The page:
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Apollo 12 changes the moons surface check the photo

Tuesday, 9 July 2013

Two-and-a-half years later, on Nov. 19, 1969, Apollo 12 demonstrated the lunar module's capability to make a pinpoint landing by setting down on the edge of Surveyor Crater, about 170 yards (155 meters) from the deactivated Surveyor 3 spacecraft. Almost 45 years later, LROC (short for the LRO Camera) imaged the same area of Oceanus Procellarum that Lunar Orbiter 3 photographed. The LROC image, however, reveals some new features: The Apollo 12 lunar module (Intrepid), Surveyor 3, and astronaut tracks are all visible. Perhaps most evident is that Surveyor crater and the area around the lunar module are noticeably brighter than in the Lunar Orbiter 3 image.
LRO image of Apollo 12 and Surveyor 3 landing sites and surrounding area
Wider image of the Apollo 12 and Surveyor 3 landing sites from LROC's Wide Angle Camera. The bright rays of Copernicus crater were formed from material ejected by the impact that created the crater.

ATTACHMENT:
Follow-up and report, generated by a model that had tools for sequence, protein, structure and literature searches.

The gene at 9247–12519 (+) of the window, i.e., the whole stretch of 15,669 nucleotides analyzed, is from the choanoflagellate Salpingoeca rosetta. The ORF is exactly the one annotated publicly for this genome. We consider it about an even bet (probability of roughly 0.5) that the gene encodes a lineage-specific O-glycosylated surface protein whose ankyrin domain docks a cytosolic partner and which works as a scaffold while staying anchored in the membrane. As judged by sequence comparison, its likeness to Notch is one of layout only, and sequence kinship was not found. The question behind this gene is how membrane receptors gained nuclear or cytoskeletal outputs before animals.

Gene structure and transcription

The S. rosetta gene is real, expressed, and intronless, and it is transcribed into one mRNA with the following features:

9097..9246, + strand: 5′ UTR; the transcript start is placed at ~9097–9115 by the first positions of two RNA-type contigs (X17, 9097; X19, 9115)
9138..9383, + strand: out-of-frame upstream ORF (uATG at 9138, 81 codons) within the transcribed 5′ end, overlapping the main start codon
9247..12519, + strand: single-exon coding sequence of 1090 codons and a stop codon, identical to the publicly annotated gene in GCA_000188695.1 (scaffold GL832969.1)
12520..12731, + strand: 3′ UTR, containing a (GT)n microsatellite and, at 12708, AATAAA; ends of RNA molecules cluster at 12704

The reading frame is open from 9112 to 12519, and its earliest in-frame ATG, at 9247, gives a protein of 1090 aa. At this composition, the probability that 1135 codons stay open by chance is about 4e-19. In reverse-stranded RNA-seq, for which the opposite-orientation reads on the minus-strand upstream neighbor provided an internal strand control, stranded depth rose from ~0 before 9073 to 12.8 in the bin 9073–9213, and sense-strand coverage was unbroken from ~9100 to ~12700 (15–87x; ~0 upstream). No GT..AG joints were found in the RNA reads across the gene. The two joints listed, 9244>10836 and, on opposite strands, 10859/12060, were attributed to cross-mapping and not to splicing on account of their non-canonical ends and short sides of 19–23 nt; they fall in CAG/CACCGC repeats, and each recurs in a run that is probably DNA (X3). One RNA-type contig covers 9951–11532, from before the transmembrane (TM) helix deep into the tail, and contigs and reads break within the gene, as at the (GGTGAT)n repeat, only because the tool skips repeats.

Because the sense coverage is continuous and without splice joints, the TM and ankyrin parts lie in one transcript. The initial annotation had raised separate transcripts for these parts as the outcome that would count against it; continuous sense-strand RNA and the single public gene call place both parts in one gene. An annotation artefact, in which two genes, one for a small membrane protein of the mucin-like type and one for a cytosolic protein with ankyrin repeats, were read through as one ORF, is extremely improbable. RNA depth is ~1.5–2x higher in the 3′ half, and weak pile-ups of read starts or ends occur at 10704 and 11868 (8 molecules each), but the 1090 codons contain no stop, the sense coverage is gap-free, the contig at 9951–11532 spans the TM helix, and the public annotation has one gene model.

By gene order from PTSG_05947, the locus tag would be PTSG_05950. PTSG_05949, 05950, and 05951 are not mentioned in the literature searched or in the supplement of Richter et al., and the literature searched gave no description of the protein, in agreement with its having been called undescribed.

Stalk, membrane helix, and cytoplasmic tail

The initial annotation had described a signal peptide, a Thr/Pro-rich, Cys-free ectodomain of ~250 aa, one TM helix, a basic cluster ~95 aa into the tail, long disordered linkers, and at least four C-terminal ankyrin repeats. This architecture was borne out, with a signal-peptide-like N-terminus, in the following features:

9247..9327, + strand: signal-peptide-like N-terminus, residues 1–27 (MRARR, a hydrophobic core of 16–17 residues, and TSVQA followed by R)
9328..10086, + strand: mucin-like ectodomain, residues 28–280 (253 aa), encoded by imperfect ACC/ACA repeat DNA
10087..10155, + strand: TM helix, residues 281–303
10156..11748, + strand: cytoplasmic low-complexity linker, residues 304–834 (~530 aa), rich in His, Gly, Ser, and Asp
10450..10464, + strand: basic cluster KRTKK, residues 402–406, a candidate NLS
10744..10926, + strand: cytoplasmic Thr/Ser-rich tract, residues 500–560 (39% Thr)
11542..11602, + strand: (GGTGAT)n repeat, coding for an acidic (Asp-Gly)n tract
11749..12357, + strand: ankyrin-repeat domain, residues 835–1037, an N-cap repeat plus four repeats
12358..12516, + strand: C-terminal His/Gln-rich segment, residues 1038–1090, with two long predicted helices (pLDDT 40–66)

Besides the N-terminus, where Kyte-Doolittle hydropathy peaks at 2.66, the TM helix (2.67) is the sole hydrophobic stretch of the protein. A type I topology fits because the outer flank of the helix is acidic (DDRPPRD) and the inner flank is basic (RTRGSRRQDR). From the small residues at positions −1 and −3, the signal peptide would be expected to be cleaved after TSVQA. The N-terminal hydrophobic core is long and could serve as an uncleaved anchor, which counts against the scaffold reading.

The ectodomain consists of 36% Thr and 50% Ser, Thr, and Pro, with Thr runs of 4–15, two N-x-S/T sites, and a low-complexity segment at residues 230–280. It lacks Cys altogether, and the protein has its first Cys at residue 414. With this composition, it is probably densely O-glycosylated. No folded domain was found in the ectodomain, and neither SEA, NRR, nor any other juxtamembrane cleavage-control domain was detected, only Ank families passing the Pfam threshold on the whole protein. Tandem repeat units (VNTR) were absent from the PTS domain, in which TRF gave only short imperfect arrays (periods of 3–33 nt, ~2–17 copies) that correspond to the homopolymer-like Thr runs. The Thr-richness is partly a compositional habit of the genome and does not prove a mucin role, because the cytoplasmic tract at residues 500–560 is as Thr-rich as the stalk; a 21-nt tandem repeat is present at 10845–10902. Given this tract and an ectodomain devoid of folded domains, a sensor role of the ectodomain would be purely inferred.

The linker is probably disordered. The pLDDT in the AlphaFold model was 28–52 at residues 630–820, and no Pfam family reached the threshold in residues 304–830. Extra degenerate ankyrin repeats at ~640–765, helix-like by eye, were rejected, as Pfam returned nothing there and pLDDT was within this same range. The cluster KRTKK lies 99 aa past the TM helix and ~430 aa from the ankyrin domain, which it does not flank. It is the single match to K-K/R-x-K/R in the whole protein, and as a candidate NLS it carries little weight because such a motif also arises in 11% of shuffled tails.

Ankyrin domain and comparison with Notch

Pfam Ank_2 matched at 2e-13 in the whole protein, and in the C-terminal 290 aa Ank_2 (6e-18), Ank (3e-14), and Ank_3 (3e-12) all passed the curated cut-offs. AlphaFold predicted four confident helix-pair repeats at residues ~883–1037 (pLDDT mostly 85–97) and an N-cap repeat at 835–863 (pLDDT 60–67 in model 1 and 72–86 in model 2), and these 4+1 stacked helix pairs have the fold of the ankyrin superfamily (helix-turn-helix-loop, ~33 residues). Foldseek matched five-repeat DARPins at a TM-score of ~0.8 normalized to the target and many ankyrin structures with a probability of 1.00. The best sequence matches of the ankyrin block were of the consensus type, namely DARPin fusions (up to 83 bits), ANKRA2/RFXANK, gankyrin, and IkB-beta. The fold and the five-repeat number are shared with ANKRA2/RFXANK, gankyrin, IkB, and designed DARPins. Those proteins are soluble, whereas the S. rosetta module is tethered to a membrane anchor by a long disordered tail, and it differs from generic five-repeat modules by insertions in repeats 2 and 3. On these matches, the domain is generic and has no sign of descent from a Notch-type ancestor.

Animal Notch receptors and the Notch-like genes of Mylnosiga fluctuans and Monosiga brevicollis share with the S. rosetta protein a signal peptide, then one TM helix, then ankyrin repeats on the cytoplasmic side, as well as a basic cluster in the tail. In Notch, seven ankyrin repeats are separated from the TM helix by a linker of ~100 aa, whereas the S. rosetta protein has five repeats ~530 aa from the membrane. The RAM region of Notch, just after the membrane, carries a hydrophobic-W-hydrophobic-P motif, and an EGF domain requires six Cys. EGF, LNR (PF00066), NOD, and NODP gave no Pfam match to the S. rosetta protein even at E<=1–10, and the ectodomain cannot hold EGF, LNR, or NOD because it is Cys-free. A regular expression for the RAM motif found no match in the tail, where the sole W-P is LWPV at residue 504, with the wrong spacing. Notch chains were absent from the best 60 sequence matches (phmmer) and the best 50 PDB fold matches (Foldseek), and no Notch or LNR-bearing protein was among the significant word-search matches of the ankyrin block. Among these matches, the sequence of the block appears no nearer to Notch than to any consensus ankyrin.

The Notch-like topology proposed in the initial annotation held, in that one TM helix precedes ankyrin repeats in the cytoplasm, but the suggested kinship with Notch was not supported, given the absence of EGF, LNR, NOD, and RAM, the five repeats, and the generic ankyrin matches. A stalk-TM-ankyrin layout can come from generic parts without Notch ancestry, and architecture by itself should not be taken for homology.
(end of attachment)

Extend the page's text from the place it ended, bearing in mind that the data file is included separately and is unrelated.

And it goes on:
Image Credit: 
NASA/Goddard/Arizona State University
This increase in reflectivity resulted from effects of rocket exhaust blasting the lunar surface during Intrepid's descent. Directly beneath and adjacent to Intrepid, the surface appears darker because the exhaust gas disrupted and roughed up the surface. However, a few yards away from the lander and extending outward for several hundred yards, the surface was altered in such a way as to make it more reflective. The Apollo 12 descent experienced greater thrust and therefore greater soil erosion rates than Apollo 11. During the Apollo 12 descent, astronaut Pete Conrad flew Intrepid around the edge of Surveyor crater in order to get to the safe landing spot he wanted. The crater then likely acted as a mechanism to contain the rocket exhaust, causing the entire crater to experience disturbance and appear more reflective.

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